Nothing in their name, debut album title, or even band member lineup suggests that Farrago, which means a confused mix in Latin, is a Singaporean band.

Yet, they’re more than happy to be a part of Singapore’s growing local music industry.

Lead singer/guitarist David Hawkes, 34, who founded the indie-rock group in 2012, tells UrbanWire that their name encapsulates not just the various ethnicities (British, Japanese, Australian, Singaporean) that comprise the band, but their mix of different musical tastes that run the gamut from Brit rock, ska, indie to metal.

“Our bassist Miwa (Furukawa) a big fan of Inch Chua, she thinks (Inch) is the coolest thing in the local music scene. She is a sucker for girl power always!” shares Hawkes, an Englishman who settled in Singapore 20 years ago. The musical influence may be there, but Farrago doesn’t emulate any band. Australian drummer Tristan North insists, “We all like different bands and it’s all about overlapping what we all like, but we don’t sound like any of them!”

Like many local bands, Dave and the rest of the members have day jobs, although they spend all their free time on honing their music. Hawkes and North, who’s 32, work for a prestigious airline. The only Singapore-born member, guitarist Jonathan Suresh, who was absent from our interview, has an IT career.

“We’re like having 2 full-time jobs, really,” Furukawa laments jokingly, adamant that a woman’s age should never be revealed. However, she does let on that she works in the design industry.


With their debut album Trilby Hats and Sunflowers just released in September, Farrago are set to win fans in a big way.

“Lush 99.5FM has been great from the beginning, they played our stuff even before the album debut!” exclaims North.

Their feel good album was a bold first step since almost all new bands start out releasing only an EP to test the waters out there. Hawkes recalls, “We thought why not go for it and record an album? We had the songs ready; it was just a matter finding the cash!”

“The most challenging part,” the husky voiced singer admits,” is knowing when to say: ‘It’s done, leave it alone.’ As we went through the process, we got better at what we were doing, so it was really tempting to go back to the first songs and do them again.”

It took the 4 just a year complete the album, and they’ve managed to create some potential hits,

“Breathe”, for example, is a light-hearted rock ballad, with lyrics (remember football in the park, we played till after dark. Never given you a head start at the park) that evoke nostalgia, and a melody that can lift spirits.

“I was told by a few people, quite independently, that our album is very good at pulling on the heart strings. We feel we’ve done it a way that will make us enjoyable to listen to, ” shares Hawkes.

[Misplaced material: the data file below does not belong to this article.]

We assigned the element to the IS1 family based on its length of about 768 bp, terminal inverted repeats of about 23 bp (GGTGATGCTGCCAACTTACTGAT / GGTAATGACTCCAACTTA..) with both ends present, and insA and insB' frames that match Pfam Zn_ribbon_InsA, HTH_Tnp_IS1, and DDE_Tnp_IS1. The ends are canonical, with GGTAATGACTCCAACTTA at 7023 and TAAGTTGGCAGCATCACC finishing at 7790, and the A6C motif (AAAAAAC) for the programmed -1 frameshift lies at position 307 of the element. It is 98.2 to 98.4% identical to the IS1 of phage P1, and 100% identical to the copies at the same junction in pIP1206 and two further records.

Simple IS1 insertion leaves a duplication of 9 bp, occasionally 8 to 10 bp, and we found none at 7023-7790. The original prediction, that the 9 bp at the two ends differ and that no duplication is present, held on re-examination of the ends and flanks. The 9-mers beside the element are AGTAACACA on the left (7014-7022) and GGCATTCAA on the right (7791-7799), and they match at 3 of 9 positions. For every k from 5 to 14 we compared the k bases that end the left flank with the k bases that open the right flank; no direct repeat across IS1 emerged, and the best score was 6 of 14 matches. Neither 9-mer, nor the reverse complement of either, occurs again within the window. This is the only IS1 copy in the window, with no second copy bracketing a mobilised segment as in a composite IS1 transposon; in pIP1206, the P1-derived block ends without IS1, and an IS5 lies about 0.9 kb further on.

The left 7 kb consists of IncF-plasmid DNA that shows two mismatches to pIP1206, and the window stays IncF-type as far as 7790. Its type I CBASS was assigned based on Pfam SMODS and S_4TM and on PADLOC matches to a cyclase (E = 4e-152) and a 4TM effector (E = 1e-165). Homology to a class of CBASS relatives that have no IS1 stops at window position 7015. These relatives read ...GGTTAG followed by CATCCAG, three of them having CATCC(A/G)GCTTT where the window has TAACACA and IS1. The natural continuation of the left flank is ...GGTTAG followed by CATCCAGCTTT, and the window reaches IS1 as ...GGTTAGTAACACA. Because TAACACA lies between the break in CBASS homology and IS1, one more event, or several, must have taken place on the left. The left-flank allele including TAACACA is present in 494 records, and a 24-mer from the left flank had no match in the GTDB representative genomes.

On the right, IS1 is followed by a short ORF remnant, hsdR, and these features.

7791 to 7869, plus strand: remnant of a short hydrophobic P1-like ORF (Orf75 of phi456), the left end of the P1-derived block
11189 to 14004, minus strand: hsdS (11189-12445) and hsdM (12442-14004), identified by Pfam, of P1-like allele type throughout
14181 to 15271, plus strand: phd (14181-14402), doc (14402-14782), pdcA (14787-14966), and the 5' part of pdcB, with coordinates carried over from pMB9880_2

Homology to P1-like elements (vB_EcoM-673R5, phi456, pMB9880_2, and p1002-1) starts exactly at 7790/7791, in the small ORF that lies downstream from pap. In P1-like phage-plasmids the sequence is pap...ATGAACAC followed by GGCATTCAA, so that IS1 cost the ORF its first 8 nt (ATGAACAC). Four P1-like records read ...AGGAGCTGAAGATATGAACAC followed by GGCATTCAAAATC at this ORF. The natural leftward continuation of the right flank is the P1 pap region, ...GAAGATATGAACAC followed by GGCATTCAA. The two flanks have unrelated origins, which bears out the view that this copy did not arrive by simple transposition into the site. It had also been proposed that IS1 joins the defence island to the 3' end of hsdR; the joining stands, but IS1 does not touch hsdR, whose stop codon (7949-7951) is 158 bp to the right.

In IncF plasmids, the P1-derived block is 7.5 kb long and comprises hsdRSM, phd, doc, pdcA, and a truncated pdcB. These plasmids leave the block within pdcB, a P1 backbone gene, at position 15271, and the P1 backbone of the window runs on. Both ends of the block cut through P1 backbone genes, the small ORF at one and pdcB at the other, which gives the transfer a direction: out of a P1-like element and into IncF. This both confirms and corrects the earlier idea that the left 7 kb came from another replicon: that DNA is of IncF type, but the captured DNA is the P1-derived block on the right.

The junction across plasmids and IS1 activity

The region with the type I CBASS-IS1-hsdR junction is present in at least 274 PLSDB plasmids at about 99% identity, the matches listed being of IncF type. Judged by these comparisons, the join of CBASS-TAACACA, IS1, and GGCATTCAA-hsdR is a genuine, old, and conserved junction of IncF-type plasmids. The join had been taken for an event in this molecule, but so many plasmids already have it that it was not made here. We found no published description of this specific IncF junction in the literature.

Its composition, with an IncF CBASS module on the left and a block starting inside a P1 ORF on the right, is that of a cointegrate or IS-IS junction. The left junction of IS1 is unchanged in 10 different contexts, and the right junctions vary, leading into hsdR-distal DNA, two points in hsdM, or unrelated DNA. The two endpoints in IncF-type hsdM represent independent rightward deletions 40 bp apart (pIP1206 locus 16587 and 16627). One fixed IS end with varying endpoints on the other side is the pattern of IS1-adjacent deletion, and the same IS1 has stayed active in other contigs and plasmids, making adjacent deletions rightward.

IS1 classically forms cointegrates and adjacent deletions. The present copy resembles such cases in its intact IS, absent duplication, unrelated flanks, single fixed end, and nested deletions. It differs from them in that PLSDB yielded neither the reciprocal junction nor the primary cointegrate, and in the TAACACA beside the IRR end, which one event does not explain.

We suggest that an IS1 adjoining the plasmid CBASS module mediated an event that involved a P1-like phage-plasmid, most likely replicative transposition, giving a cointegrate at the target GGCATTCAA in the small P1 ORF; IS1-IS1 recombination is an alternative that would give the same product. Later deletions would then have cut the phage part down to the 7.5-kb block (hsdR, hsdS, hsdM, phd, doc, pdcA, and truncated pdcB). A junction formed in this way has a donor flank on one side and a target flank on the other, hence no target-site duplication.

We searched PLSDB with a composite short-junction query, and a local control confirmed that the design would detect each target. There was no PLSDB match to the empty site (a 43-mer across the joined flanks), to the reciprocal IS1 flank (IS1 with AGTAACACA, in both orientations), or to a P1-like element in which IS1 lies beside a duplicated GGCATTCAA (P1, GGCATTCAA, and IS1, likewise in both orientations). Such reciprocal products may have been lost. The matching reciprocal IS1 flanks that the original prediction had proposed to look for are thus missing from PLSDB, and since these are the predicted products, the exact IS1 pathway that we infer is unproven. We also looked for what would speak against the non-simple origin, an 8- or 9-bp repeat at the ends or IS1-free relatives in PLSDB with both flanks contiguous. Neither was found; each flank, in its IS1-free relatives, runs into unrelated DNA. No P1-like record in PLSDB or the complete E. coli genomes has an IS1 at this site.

Others must agree too, because Farrago is part of the highly anticipated line-up at Skechers Sundown Festival playing at Marina Promenade on Nov 21, with other Asian acts like Caracal (Singapore), Epik High (Korea), Potato (Thailand) and INKT (Japan).

“Personally I love how the festival has evolved, and the fact they are now really pushing for local acts to complement the overseas acts shows that their principles are right,” shares Hawkes.

He certainly knows what he’s saying because he was just a regular audience member at the inaugural Skechers Sundown Festival at Fort Canning, 7 years ago.

“I was totally taken aback at what a group of like-minded people can achieve if the passion and will to succeed is in place, a fire in the belly can take you a long way,” Hawkes reminisces about how he was so inspired by the bands it drove him to start his own.

Since then, Farrago has managed another feather in their cap: Jamming in Japan to a global audience. It happened when one of Hawke’s friends, who has a band in Japan, invited Farrago to play a couple of shows there. Furukawa even recorded the music video for their single ‘We Were Young’ by accident over there, when her intention was just to create a video compilation for memories. They do have another music video for ‘Traffic Lights’ that was shot in Singapore.


Local Support

With a fresh album waiting to be discovered, Farrago’s thankful for fans and the inspiration from larger acts in the local music scene.

Disagreeing with a predominant view that the Singapore music scene is stagnating, Hawkes observes, “While the local scene is very much in its infancy, it seems to be growing rapidly. Importantly, there is a lot of support from some bigger players in the market so I think things are only going to get better for local musicians and local fans of local music.” Having watched and performed with a variety of Singaporean musicians, some of Farrago’s most respected artistes include punk rock band Plain Sunset, electronic duo .gif, and singer-songwriter Inch Chua.

Hawkes believes Farrago was invited to play at Skechers Sundown Festival because they’re opening the door when the right opportunities knock and networking with the right people. Plus, supportive fans of the local music scene help them to push them to greater heights.

“The people we’ve played to so far in Singapore have been great, very welcoming and doing their best to get the buzz going.”

Furukawa concludes, “Singapore is definitely our home and I want (Farrago) to be accepted as a local band. People will get different perceptions, but we always say we are a local band.”

Photo Credits: Red Spade Entertainment.